Saving Dogs While Helping Youths
Canine Leadership Program Benefits both Dogs and Juvenile Handlers
by Mara Soloway
First published April 2016 in Houston PetTalk Magazine
Since 2011, approximately 60 dogs from Fort Bend County Animal Services have found forever homes thanks to the adoptability skills taught them by youth in Fort Bend County Juvenile Probation’s leadership academy and in detention. Through the Canine Leadership Program, youth in Rosenberg and Arcola teach the dogs basic obedience, walking on a loose leash, tricks and in some cases agility. The youth are involved in the adoption process, which is aided by the logs they keep with training and other details about each dog.
The youth gain valuable leadership and trust skills and how to care for a dog. “The most important thing we teach the kids is to have line of communication with the dog – to be patient, persistent and consistent,” says Jackie Brady, program coordinator of the Canine Leadership Program. “Most of them don’t realize how you can communicate with a dog.”
Called an “animal whisperer” by her colleagues, Brady picks up nonaggressive dogs from Fort Bend County Animal Services. Brady and her coworker at the time, Mary Gready of Special Programs, modeled the program after one in the Williamson County juvenile justice facility north of Austin. Both women are passion-ate about kids, animals and community service. The ﬁrst session had two dogs; now four to six dogs gain the beneﬁts of the juveniles’ hard work.
A German Shepherd mix named Brownie from one of the early sessions was lucky enough to be chosen for the Canine Leadership Program, but he was depressed and ill. “Once Brownie got the medicine and TLC he needed, he was like a different dog, with eyes shining and tail wagging,” says
Gready, who is now retired. He started working with a boy who trained him and went on to learn agility on the course that Brady built.
Brownie became mascot for the program and was allowed to come in the office where he got well socialized. “Everybody that came in the office thought he was just another staff member,” Gready says. He cheered children who seem depressed by letting them pet him. He got adopted, but the person brought him back a few days later saying he seemed to miss everyone at the program office. Gready stepped in as adopter and is considering working to get Brownie’s Canine Good Citizenship certiﬁcation so he can work as a therapy dog.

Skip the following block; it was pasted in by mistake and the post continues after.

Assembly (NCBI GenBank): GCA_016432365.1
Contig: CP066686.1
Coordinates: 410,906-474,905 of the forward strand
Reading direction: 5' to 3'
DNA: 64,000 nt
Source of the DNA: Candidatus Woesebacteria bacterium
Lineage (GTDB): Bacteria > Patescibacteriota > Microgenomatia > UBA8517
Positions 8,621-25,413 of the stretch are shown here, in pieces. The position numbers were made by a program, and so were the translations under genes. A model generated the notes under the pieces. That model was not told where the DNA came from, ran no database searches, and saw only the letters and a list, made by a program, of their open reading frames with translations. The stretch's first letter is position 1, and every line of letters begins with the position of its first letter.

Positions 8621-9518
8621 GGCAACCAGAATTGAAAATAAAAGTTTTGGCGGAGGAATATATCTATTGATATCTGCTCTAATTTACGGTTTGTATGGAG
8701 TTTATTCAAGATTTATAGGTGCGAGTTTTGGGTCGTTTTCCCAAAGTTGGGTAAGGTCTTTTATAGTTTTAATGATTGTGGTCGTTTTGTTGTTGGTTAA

“These kids are at a crisis point. They have to deal with consequences of what they did, but at the same time, they need positive things in their lives."
Other adopted dogs are doing their therapeutic best in their forever homes. Cane has brought new life to his elderly adopter, who was once chair-bound.
By his insistent barking, Bandit alerted adopter Josie Platz and her family that an elderly neighbor had fallen in her yard. “I don’t know what would have happened to her if Bandit had not been barking,” Platz says. “He is an awesome dog – he’s very loving and ﬁts in well with our family.” He knows not to get in the way of Platz’s mother, who uses a walker.
“By learning positive leader and direct communication techniques, the juveniles become better dog handlers but can also use the techniques when they’re with their friends in good ways,” Brady said. She counsels those who seem interested in how to have a future working with animals.
“These kids are at a crisis point. They have to deal with consequences of what they did, but at the same time, they need positive things in their lives. The Canine Leadership Program helps them learn and give unconditional love,” Gready says.
The Canine Leadership Program is a partnership between the Fort Bend County Juvenile Probation Department, Fort Bend County Animal Servicesa, Fort Bend Partnership for Youth, which supplies dog food and equipment; and the Houston Humane Society, which provides spaying and neutering services, vaccines and heart-worm treatment for free. For more information, visit www.fortbendcountytx.gov/index.aspx?page=285. To adopt one of the dogs, call 281-342-1512.